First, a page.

HSR&D Citation Abstract
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Does colocated care improve access to cardiometabolic screening for patients with serious mental illness?
Kilbourne AM, Lai Z, Bowersox N, Pirraglia P, Bauer MS. Does colocated care improve access to cardiometabolic screening for patients with serious mental illness? General hospital psychiatry. 2011 Nov 1; 33(6):634-6.
Individuals with serious mental illness (SMI; e.g., schizophrenia, bipolar disorder) experience disparities in mortality relative to the general population, mainly because of medical conditions (i.e., cardiometabolic disease).We assessed whether VA patients with SMI and receiving care from VA mental health facilities with colocated medical care were more likely to receive cardiometabolic risk assessments in accordance with clinical practice guidelines than patients from noncolocated facilities.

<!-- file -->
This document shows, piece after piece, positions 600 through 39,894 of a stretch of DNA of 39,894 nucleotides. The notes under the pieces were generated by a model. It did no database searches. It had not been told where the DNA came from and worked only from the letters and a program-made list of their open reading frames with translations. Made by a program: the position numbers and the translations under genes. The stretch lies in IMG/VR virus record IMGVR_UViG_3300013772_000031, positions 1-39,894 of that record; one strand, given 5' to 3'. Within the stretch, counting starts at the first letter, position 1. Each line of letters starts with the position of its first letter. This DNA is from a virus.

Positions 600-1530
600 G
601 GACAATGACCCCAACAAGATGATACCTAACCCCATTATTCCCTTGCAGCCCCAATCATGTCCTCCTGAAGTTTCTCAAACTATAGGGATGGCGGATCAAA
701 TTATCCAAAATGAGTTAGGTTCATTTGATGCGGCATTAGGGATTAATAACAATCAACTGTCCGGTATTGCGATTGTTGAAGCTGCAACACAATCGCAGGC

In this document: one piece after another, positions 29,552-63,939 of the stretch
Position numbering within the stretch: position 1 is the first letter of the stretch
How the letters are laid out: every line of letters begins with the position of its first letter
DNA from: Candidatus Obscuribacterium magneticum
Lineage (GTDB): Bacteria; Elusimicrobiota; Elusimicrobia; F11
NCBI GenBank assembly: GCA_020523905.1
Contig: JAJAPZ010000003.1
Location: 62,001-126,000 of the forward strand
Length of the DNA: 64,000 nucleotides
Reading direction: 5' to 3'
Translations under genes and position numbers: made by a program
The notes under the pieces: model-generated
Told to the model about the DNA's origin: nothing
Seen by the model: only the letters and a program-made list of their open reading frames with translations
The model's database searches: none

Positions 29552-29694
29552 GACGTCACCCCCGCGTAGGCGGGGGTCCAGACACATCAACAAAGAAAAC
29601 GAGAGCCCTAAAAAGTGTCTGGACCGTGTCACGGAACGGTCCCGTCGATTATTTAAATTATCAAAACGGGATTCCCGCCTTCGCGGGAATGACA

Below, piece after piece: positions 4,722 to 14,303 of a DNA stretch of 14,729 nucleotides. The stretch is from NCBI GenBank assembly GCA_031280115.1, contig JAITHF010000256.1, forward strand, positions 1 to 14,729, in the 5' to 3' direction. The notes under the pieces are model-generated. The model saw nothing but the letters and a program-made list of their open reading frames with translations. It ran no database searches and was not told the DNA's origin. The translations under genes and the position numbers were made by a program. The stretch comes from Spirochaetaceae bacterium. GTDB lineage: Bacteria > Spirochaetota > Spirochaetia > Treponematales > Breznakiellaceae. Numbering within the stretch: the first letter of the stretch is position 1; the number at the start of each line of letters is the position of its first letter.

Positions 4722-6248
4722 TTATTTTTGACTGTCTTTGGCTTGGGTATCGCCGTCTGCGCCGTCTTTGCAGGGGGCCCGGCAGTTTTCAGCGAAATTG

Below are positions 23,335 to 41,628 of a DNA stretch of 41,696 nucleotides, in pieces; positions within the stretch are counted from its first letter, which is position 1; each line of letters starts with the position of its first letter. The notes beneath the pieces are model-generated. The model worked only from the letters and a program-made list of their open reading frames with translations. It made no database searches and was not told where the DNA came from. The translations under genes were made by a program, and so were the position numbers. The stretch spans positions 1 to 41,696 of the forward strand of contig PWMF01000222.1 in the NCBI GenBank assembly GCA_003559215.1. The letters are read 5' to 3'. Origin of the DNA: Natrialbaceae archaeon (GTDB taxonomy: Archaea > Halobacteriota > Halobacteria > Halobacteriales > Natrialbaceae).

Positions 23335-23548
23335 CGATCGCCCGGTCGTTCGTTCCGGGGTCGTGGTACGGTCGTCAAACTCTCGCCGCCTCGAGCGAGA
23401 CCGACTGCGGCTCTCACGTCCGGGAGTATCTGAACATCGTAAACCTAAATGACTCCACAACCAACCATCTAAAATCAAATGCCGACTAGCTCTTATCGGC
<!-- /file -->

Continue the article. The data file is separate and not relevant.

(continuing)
Patients with SMI identified prescribed second-generation antipsychotic medications in fiscal year (FY) 2007 receiving care from VA mental health facilities completing the VA Mental Health Program Survey were included. VA administrative data were ascertained to assess receipt of the following tests every 6 months in FY 2007: body mass index (BMI), blood pressure, lipid profile and fasting glucose.
Out of 40,600 patients with SMI prescribed second-generation antipsychotics, 29% received all cardiometabolic tests (lipid, glucose, BMI and blood pressure). While 79% and 76% received blood pressure and BMI assessments, respectively, only 37% received a lipid test. Patients from colocated sites were more likely to receive all cardiometabolic tests (odds ratio = 1.26, 95% confidence interval: 1.18-1.35, P < .001).
Colocated general medical providers in mental health clinics are more likely to provide cardiometabolic assessments for patients with SMI prescribed second-generation antipsychotics.